The Covid-19 pandemic took a deadly toll on adults in the United States for two years, while children were largely saved from adding to the dire statistics.
But the rapid spread of the Omicron variant has led to registered pediatric infections and hospitalizations in the country, and misinformation about vaccinations telling parents the injections are dangerous increases the risk.
The chance that young people will die from Covid-19 remains low. The shots significantly reduce the chances of serious illness, and vaccinated mothers may protect their babies, but the hesitancy of the vaccine being pushed online leaves parents and children vulnerable.
Phoenix Children’s Hospital doctor Wassim Ballan said fighting misinformation has become part of his job, from concerns that the injections have developed too quickly to false claims that the shots could affect future fertility.
“Unfortunately, often when we have this time with a family to discuss these things is when the child is already in the hospital,” he said of the issue.
Parents need to understand that the vaccines are “the most important tool for protection”, especially to prevent multisystem inflammatory syndrome in children, a rare and dangerous complication that can follow a mild Covid-19 infection.
In the United States, only 27 percent of children ages five to 11 have received their first dose of the vaccine. Hospital admissions reached a pandemic high of 914 children a day this month, a dramatic increase from the previous peak of 342 in September 2021.
Protection from the womb
In the first week of January 2022, Texas Children’s Hospital in Houston reported 12 babies in intensive care with Covid-19.
Babies are too young for the Covid-19 shot, but Kathryn Gray, treating physician for maternal-fetal medicine at Brigham and Women’s Hospital, said research is increasingly showing that vaccination during pregnancy leads to antibodies being safely transferred to the baby , which offers limited protection.
Expectant mothers have also shown hesitation to get the injection after being barred from initial clinical trials.
Gray is one of those watching the situation. “To date, there are no safety signals” in the data, she said, adding that she is “very confident” telling patients that the injection is safe during pregnancy for mother and baby.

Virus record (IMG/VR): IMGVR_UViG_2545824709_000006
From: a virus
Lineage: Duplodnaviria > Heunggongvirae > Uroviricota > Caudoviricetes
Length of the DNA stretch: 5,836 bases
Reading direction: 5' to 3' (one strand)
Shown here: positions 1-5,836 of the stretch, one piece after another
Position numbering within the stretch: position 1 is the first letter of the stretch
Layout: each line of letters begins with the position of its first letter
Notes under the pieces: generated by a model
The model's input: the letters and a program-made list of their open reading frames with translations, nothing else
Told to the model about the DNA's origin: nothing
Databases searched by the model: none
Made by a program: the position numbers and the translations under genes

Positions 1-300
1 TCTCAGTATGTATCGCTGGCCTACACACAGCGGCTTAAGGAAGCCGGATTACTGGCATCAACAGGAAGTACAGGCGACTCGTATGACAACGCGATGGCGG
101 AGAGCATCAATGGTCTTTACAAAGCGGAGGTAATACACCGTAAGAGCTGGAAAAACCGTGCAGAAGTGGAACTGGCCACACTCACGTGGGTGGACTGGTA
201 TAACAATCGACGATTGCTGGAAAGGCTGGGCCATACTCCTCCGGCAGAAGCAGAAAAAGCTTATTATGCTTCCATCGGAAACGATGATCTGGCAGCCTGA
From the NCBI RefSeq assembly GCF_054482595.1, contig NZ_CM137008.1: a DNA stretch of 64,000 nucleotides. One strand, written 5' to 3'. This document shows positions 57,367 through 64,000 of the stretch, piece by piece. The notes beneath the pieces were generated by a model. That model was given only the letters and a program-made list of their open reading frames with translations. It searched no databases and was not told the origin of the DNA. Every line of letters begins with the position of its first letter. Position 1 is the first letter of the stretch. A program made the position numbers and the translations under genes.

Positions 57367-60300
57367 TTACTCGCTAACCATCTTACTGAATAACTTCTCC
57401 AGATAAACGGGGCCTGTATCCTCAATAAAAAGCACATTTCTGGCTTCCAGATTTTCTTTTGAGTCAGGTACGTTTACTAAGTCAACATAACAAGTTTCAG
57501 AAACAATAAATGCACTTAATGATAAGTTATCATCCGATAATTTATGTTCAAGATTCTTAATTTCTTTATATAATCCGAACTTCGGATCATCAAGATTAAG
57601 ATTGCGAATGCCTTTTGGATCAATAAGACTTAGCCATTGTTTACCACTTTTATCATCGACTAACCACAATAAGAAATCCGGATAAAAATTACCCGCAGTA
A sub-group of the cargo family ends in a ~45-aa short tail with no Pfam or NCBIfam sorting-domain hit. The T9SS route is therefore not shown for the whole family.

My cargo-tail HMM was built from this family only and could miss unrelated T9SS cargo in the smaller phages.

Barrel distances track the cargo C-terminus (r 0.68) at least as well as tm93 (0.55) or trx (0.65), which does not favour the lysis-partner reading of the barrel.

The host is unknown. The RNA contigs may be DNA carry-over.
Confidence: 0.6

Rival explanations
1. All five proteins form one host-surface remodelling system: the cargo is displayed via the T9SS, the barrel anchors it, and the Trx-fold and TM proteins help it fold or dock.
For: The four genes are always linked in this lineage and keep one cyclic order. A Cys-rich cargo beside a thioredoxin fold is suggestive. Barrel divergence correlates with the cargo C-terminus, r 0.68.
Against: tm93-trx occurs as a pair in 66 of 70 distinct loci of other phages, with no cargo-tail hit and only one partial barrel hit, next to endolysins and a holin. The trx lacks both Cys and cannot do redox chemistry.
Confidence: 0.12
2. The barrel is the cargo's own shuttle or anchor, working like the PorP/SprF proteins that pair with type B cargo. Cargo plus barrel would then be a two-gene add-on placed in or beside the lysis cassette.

“If they really want to protect their babies, vaccination is the thing that will protect them the most right now.”
Health authorities around the world are saying the same thing, but the initial lack of data is still being exploited in vaccine-opposed social media posts. Posts on Facebook and Twitter claimed that stillbirths rose following pressure to vaccinate pregnant people, although going unprotected against the disease is the greater risk.
Epidemiologists Carla DeSisto and Sascha Ellington of the U.S. Centers for Disease Control and Prevention said data from 1.2 million U.S. births “showed no evidence that stillbirth rates are generally higher during the pandemic.”
But their research did reveal the risks of contracting the virus during pregnancy.
“Compared to pregnant people without Covid-19, pregnant people with Covid-19 are at an increased risk of adverse pregnancy outcomes, including preterm birth and stillbirth,” the researchers said by email.
Breastfeeding has also been the target of misinformation, with reports claiming that babies developed skin rashes or even death when breastfed from a vaccinated mother.
The Society for Maternal-Fetal Medicine recommends vaccination for those who are breastfeeding and says there is no reason to stop breastfeeding after receiving the vaccine.
Misinformation was increasingly common in private Facebook groups where parents connect to share and sell breast milk, group moderators told AFP. In one of the largest such groups, Bethany Bristow said she was concerned about requests for “unvaccinated milk.”
The New York mother, along with her fellow moderators, decided to ban such requests, and the rules for her group of more than 10,500 parents now state: “Advertising or requesting vaccine-free milk puts you, your children, and the community at risk.” .”
Studies find specific benefits of milk from a vaccinated mother, according to Laura Ward, co-director of the Center for Breastfeeding Medicine at Cincinnati Children’s Hospital.
“Antibodies have been found in the breast milk of vaccinated breastfeeding women. This means that breastfed infants may have some protection against Covid-19 if their mothers receive the vaccine,” she said.
Gray agreed. “Breast milk is full of antibodies based on a person’s previous exposure to both vaccines and infections. Those things don’t pose a risk to infants, they’re actually helpful in protecting them,” she said.
“Any concerns or unknown pieces about the vaccine are dwarfed by the risk of Covid.”
(Except for the headline, this story has not been edited by DailyExpertNews staff and has been published from a syndicated feed.)